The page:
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Back to Nepalese tea, and we learn more about the Sandakphu Estate from where our Nepal teas originate.

Nepal Snow Mountain White Tea

by on May 24th, 2013

Canton Tea Club Week 34: Nepal Snow Mountain White

As you sip this week’s robust and sweet white tea, you can read about the luscious surroundings from which it originated.

Sandakphu is the highest peak in Ilam, a Nepalese province famed for its biodiversity. Ilam is located in eastern Nepal, bordering the Darjeeling area of India. In fact, because the eastern slope of the Sandakphu technically lies partly in India, the peak is often claimed as Darjeeling territory – Wikipedia describes it ‘the highest peak in the state of West Bengal, India’. But we’re not here to debate on border disputes, let’s talk tea…

The Sandakphu Estate was (unsurprisingly) named after the spectacular mountain which is visible from the farm. The farm itself located at Jasbirey village, at around 6500 ft above sea level, nestled into the third highest peak below Sandakphu. Jasbirey village and the surrounding area is known for its biodiversity and organic agriculture, mainly herbs and tea, which is grown at elevations of up to 7800 ft. Tea crafted at such elevations falling within 26 degree North Latitude are rare and unique.

Set up in the early 1990s, the tea plantation at Sandakphu is composed of plant varietals which were brought to the area by experienced tea farmers migrating from other villages within the Ilam district. It is believed that the young age of the plants enhances the aroma of the tea, and within the area these teas are regarded very highly. Focussing on a range of hand-rolled teas, all organic, with lots of unusual varieties, it is easy to see why Sandakphu teas command respect in the tea community.

Over the past few years, small Nepalese tea farms have gained recognition in areas beyond taste: most, including Sandakphu, are fully organic, and many are promoting women to supervisor levels and above from their traditional role in picking the tea (indeed Sandakphu’s farm has a female boss). Not only this, but the tea estate is owned by the farmers, who are also the share-holders, meaning that they are essentially self-employed, allowing them to pick only the finest leaves for production and present what they believe are their best teas to the world.


How does this Nepalese white tea compare to other white tea you have tried?

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  1. adp3355 says:

    I thought the leaves looked just like those of some ”Castleton Moonlight’ first flush darjeeling that came from Canton Tea in a taster pack – so I tried them side by side.  The nepalese makes a slightly darker tea, that is perhaps a tad fruitier, and the darjeeling is perhaps a little ‘grassier’ or more vegetal.  However, in truth they were almost indistinguishable.  I suppose that should not be surprising as they come from the same geographical region and presumably they were processed in a similar way.  Both were very smooth and sweet, but much darker in colour and more robust than the Chinese silver needle or any other Chinese white teas I have tried.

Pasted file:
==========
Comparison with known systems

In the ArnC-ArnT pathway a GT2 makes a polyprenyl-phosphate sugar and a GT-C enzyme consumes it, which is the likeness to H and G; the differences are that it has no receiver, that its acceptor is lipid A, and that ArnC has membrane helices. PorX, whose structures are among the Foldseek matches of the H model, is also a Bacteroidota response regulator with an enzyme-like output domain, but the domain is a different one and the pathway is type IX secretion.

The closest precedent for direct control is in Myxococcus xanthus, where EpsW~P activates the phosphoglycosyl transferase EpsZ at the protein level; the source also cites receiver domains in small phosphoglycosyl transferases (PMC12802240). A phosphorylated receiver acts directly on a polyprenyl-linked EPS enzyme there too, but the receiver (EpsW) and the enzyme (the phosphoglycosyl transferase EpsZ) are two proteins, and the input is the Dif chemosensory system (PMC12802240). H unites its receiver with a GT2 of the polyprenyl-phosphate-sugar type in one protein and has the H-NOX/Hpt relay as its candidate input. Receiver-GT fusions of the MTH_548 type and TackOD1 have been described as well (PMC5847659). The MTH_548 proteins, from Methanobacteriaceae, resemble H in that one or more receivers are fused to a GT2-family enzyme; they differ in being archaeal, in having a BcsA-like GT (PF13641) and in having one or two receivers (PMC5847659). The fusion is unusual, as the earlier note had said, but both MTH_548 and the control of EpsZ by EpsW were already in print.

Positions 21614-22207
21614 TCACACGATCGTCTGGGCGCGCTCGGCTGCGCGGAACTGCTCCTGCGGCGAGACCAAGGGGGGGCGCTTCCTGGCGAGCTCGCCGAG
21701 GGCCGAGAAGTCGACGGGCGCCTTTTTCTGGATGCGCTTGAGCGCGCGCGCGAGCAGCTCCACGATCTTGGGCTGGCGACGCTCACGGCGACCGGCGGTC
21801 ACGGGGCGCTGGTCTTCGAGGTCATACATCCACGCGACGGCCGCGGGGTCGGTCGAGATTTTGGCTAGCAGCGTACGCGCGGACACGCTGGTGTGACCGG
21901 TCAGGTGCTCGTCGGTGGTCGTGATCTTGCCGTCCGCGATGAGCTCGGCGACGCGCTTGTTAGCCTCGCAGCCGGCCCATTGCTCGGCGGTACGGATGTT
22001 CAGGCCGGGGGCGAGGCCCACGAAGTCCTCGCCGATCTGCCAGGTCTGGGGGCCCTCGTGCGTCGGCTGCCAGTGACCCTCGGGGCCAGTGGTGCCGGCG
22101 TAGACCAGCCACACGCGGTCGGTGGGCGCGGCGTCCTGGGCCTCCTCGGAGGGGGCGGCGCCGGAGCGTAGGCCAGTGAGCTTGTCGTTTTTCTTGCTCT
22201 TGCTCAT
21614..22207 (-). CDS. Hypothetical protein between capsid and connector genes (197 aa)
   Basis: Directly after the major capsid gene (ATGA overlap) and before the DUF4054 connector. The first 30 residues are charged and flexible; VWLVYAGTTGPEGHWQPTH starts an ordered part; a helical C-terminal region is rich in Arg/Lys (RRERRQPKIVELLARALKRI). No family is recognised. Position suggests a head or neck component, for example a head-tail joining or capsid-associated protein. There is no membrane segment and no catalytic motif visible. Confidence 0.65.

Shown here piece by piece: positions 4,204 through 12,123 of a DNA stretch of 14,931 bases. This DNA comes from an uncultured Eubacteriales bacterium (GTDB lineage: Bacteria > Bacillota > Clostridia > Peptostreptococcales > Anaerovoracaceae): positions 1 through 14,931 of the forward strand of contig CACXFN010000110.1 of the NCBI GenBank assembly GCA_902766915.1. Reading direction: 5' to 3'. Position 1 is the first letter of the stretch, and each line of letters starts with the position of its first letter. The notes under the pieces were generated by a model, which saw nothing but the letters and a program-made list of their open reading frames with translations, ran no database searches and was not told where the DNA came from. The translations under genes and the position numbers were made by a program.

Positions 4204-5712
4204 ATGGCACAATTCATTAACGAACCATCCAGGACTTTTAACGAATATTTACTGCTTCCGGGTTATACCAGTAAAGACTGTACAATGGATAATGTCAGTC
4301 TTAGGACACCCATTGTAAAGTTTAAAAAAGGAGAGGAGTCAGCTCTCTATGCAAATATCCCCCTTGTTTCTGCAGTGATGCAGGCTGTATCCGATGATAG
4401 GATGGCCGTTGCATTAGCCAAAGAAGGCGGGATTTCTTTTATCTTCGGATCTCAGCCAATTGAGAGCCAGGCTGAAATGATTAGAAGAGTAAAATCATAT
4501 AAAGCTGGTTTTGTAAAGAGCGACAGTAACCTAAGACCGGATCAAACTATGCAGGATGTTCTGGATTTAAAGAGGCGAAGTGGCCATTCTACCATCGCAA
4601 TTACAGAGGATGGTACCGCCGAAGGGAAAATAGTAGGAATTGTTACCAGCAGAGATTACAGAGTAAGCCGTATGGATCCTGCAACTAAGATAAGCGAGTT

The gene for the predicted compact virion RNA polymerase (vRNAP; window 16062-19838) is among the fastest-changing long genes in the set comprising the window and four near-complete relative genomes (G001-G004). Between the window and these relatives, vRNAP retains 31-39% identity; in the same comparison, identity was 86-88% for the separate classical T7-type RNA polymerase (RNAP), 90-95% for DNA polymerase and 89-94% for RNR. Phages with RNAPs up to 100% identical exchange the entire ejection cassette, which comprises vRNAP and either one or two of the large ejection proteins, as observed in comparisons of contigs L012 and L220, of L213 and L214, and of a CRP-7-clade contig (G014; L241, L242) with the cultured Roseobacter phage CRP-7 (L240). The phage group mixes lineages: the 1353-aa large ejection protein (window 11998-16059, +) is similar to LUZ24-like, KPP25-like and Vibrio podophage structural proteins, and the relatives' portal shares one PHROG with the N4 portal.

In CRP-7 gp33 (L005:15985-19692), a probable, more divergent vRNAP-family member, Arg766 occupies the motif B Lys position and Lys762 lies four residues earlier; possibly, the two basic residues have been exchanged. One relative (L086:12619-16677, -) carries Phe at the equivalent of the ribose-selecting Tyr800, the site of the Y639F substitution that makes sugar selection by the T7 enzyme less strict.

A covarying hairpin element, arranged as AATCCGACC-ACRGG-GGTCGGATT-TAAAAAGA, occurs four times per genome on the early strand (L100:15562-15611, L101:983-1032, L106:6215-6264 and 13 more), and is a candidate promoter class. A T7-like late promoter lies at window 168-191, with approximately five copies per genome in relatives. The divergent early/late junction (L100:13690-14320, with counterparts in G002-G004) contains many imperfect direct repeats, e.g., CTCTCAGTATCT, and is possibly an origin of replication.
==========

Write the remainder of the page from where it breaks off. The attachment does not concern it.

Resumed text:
2. KathyMonaco says:

    This was my first experience of a white tea. I was surprised to find the flavour closer to a Darjeeling than to a green tea. I loved the earthy scent of the leaves after they had been steeped. I found the tea very refreshing with a lovely soft aftertaste, with just a hint of sweetness.

  3. tomfreeman says:

    I have tried white teas a couple of times before and found them a bit uninteresting, bland.  But this one is different – really nice, subtle flavour and sweetness.  It has that very distinctive Darjeeling flavour – what causes that? is it the variety of tea, the climate, the soil, the way they process the tea? Can’t be entirely the processing, since the processing of a white tea must be quite different to a standard Darjeeling black tea.
    The first time I made this tea it was perfect – subtle, sweet, delicious.  But I was unable to reproduce this subsequently – it was slightly bitter.  The tea must be very sensitive to the exact temperature and brewing time.  I have no thermometer so I just judge the temperature by look and feel.  Need to find a foolproof way of getting it right – any tips?!

  4. mgoat says:

    This is a different white tea. The only way I can find to describe it is that it tastes more “tealike” than other whites I have had. It is packs a lot of flavour in despite remaining delicate and also definitely white. Interesting and very good. I have been away and returned to both this and the roasted green so was able to compare with only a day between. What a contrast between the two. I will comment about that on the next tea club blog post.

  5. cantonteaco says:

    @KathyMonaco Yes it is an unusual white tea with quite ‘Darjeeling-esque’ characteristics. Glad you enjoyed it.

  6. cantonteaco says:

    Hi Tom. We have some thermometers in stock at the moment:
    Or you can take a look at this page to see how the Chinese interpret the bubbles in the water to tell the temperature (although this will not be a competely foolproof method)

  7. PaulKathro says:

    This is the best white tea I have ever tried. I wish I had bought more while it was available.